[Originally published June 10, 2004.]
As you know, I’ve always been there for you over the years. But I regret to inform you that, as of July 1, I will no longer come running when you call out my name.
I realize this comes as a shock to some of you, especially those who seem to have had occasion to call out my name several times a day, thus forcing me to come running with all due haste. While I hope that you will still think of me as a friend, I know it will be a blow to not have me at your disposal. You may be angry. But this change in policy must take place.
When I originally recorded “You’ve Got a Friend,” in 1971, it was meant to reach a select audience of people to whom I was actually very close. Having been endowed with certain abilities (super speed, ultra-hearing, a pleasant singing voice, and a loving nature), I decided to use my powers for good and provide assistance to others in the form of a sort of “super friendship.” While other superheroes chose to fly, catch bank robbers, patch up dams, and the like, I decided that James Taylor would be the most powerful and loving friend this world had ever known. And, hopefully, maintain a successful recording career at the same time in order to pay the bills and have a creative outlet.
The plan worked well. The song became a hit, selling millions of copies, and was distributed around the world. Since it was a song from my heart (even though Carole King wrote it), I was pleased by its success and hoped that listeners would think of it as a sentiment to be shared between two friends, neither of which would necessarily be me. For the most part, that was the case. But soon there emerged a growing group that cracked my code, realizing that “You’ve Got a Friend” was not just a song but an implicit contract. Almost none were really my “friends” to begin with, but they started calling out my name. I would be in the middle of tuning my guitar or making tea in my kitchen at the Martha’s Vineyard house and my ultra-hearing would pick up a desperate “James Taylor!” from someone who had just had a fight with their boyfriend, or binged on ice cream again, or lost out on a promotion, or needed someone to hold the ladder while they cleaned the gutters, or whatever. When that happened, I would dutifully come running to see them. Again.
For a while, I was fine with this. My superpowers made it all feasible, if a bit time-consuming. I was seeing the world and I really seemed to be helping people. Sure, I never knew the boss or the family member that they were complaining about, so I couldn’t give advice really, so I just listened (a lot!), and that seemed to be what they needed anyway. But by the late ’80s, I noticed that my recording career was tapering off. Billy Joel or Christopher Cross would call me up (using the phone, thank goodness) to record something, but I would be too busy responding to a farmer in Iowa calling out my name or a banker in Tokyo who decided to yell “James Taylor!” as loud as he could because he felt “uneasy.” And boom, because I was being a friend, I lost out on the gig.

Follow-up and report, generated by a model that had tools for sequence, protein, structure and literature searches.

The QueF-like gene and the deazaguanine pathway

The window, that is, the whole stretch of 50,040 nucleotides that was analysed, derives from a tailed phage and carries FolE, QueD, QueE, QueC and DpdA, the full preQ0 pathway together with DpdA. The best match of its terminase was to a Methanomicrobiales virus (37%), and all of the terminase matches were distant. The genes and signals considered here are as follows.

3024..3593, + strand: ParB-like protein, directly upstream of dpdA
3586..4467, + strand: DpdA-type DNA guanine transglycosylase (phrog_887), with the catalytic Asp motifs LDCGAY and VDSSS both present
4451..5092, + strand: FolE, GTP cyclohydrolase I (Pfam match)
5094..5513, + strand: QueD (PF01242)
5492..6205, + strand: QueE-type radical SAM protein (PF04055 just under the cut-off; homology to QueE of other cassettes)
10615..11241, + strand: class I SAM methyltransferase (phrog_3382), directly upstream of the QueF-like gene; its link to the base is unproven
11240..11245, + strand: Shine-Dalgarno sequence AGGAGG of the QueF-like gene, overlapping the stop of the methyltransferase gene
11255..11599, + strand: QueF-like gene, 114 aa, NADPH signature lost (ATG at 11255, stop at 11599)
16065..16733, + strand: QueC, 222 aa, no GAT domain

By the ’90s, things were clearly out of control, but a deal was a deal. I had told people that I would be there, yes I would. But I was going days without sleeping, eating whatever food I could grab on the road, rarely seeing my family, who wondered, quite fairly, why I never seemed to be around for them. And it was always the same people calling out my name. Four or five times a day. Occasionally, in desperation, I would bring them puppies or kittens, something else to channel their love to, but they would never get the hint. Free copies of the Sweet Baby James album were rarely accepted enthusiastically.
Finally, after a particularly harrowing beginning of 2004, I’ve decided that enough is enough. Was it Mrs. S of Minneapolis who had taken to calling out “James Taylor! And grab some ice cream! Strawberry!”? Might have been. Could have been Mr. F in Melbourne who screamed my name at two in the morning and then changed his mind when I got there and told me to leave. The entire classroom of first graders to whom Ms. W taught the “James Taylor trick” certainly didn’t help matters.
But in reality it’s all of these cases. And so many more over so many years. Because while I have been a friend, I don’t think most of you know the meaning of friendship. So the deal is off. As of July 1, if you call out my name, all you’ll hear is the sound of your own voice. I will be taking time to work on a new album and touring some colleges in the Northeast with my good friend Art Garfunkel. Between now and June 30, however, the deal still stands, but I do ask you to use it judiciously and perhaps begin to taper off.